When you visit London, there are a few things on the must-do list: Changing of the Guard, the London Eye, the Tower of London. If you have a hunger for danger, there’s one more spot to add to your to-do list: Climbing the O2 Dome on the Greenwich Peninsula. You won’t simply be climbing a manufactured rock wall inside an air conditioned building. Oh no. This climb involves special suits, climbing harnesses and the chance to climb over the roof off a major entertainment venue.
You’re Going To Visit London to Climb What?
One of London’s slightly off-the-beaten-track attractions is the O2, a major entertainment complex that seats up to 20,000 people. An entrepreneur looked at the giant domed roof and thought, “I’ve got an idea. Let’s build a walkway over the entire roof and then get slightly daffy people (Daffy is a British word I wanted to include in this article!) to climb on the walkway. Oh yes. We’ll build an observation tower on the top so they can take off their safety harnesses and roam around, checking out the view.” And that’s how my husband and I ended up making the ascent of the O2 Dome.
Is It Safe?
Perfectly. Actually the buildup is worse than the actual climb. After entering “Base Camp” you watch a short, funny and pertinent video explaining all the safety features. Of course I’m thinking that out of the hundreds of safety harnesses available, mine will be the only defective one, failing to catch me when I slip off the edge of the roof.
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The friendly staff explain that because of the light rain, we’ll be issued special shoes and rain gear, which makes the climb seem more than a casual walk in the park. Next, we clumsily get into our harnesses that attach at the top of our legs and over our shoulders like an extra heavy duty backpack. After getting gloves we were headed up! (And up and up and up!)
The Climb Begins:
A three-foot wide ribbed walkway made of tensile fabric stretches above the actual roof of the O2 Dome. One end of our safety harness is attached to a cable stretching the length of the climb. Even a simple slip would be stopped as the harness locks in place and you would barely fall to your knees. (Unless of course, you had the one defective harness I previously mentioned!)
The first section of the climb is steep. I walk at least five miles a day, but my knees weren’t used to the sharp uphill climb. Soon, however, the incline gradually reduces. Think of the walkway as a suspension bridge stretched over a giant mushroom. Yes, that’s one giant mushroom! The only frustrating part of the climb was a rather annoying and clumsy man behind me who continuously swayed back and forth, causing the walkway to bounce as I cautiously climbed upward. Wait! That man was my husband, deliberately trying to annoy me. He succeeded.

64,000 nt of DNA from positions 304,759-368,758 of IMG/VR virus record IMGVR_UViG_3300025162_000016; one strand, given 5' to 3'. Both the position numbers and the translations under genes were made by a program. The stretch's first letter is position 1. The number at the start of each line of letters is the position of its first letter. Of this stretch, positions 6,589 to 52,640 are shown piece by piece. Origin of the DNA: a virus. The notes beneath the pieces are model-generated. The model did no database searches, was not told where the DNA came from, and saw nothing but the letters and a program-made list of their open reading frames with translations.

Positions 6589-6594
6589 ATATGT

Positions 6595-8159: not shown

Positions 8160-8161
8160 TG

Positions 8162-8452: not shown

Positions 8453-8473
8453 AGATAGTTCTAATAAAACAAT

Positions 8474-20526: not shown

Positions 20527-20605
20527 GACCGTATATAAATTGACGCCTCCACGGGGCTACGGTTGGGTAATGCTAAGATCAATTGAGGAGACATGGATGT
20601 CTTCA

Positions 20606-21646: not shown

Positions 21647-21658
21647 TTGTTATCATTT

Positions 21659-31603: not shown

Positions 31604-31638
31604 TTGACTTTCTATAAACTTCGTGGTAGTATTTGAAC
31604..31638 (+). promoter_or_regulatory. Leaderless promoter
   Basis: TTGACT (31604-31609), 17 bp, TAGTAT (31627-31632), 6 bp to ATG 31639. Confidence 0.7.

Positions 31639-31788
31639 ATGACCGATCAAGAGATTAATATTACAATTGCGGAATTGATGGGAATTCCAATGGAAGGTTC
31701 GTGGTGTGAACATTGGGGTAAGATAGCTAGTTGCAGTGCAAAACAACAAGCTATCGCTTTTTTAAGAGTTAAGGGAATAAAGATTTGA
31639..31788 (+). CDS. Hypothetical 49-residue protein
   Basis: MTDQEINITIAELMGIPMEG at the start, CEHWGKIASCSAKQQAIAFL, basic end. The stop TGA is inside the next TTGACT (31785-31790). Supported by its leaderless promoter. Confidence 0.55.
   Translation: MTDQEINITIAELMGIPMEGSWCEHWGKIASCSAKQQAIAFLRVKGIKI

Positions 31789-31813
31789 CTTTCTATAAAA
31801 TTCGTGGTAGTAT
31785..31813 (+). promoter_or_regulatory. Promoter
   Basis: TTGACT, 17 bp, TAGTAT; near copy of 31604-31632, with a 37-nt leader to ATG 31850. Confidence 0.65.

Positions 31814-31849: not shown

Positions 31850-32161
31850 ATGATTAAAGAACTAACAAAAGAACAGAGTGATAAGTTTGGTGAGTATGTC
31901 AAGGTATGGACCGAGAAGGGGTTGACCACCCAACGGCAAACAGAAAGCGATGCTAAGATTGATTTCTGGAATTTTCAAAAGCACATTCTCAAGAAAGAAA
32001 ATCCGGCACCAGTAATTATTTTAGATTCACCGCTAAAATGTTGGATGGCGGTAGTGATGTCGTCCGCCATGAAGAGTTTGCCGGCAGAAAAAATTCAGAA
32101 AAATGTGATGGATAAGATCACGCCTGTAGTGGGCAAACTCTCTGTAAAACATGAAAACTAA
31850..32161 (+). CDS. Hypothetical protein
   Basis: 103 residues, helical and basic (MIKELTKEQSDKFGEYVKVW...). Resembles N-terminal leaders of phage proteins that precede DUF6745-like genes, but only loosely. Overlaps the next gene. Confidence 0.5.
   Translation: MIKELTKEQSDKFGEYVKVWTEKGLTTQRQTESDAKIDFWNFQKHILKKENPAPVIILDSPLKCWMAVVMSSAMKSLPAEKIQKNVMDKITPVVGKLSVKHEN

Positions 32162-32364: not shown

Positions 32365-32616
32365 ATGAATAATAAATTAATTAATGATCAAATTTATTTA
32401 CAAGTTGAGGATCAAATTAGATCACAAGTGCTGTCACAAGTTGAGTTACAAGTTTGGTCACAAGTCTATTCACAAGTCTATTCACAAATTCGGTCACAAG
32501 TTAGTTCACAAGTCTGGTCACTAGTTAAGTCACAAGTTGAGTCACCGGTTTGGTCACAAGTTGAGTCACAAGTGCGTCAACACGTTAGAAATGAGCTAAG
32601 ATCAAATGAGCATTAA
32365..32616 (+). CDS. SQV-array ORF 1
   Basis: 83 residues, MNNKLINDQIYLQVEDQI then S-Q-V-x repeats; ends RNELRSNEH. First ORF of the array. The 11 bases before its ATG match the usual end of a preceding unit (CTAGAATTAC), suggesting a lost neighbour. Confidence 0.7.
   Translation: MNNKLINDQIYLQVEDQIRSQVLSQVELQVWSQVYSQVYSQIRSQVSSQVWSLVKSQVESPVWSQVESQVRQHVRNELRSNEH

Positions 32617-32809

You Made It!
Your reward at reaching the summit of Mount Everest…sorry, the summit of the O2, is an observation platform giving a 360-degree view of the London area. Because the platform has a safety rail, you are free to unhook your safety harness. There’s a feeling of exhilaration at reaching your goal with the bonus of having the view as the payoff.
On a clear day, the view stretches for miles. Metal signs all around the observation deck have sketches, pointing out distinctive landmarks. You might be able to see the closest RV Campground to London, the Lee Valley Caravan Park. The campground is close to public transportation that gets you to London in 30 minutes. Even if you are a risk taker and climbing the O2, you don’t want to take the risk of driving into London with an RV!
As with most things, what comes up must come down. We attached our safety harnesses and proceeded down the side of our gigantic mushroom. The steepness was a bit disconcerting as you needed to keep one hand on the cable to avoid going so fast you bumped the person in front of you.
Good For Families?
This could be the highlight of your children’s trip to London. Yes, all the historical buildings, museums and double decker buses
are interesting. While most teenagers won’t send pictures of themselves next to a painting at the National Gallery, they will proudly text their friends about their climbing experience. In order to climb, you must be at least 11 years old and not have a blood alcohol reading of 0.05% or less. I’m hoping all your children meet that requirement.
Here’s my idea for a great compromise when it comes to budgeting. Instead of paying the steep admission fee to Westminster Abbey, tell your children you’ll expect them to sit quietly for the free Westminster Evensong program. They’ll experience what it’s like to sit in a massive church and the money you save from that admission will go towards their climb!
So if you need a break from traditional sightseeing activities, add a little upward mobility to your London experience by walking over the O2.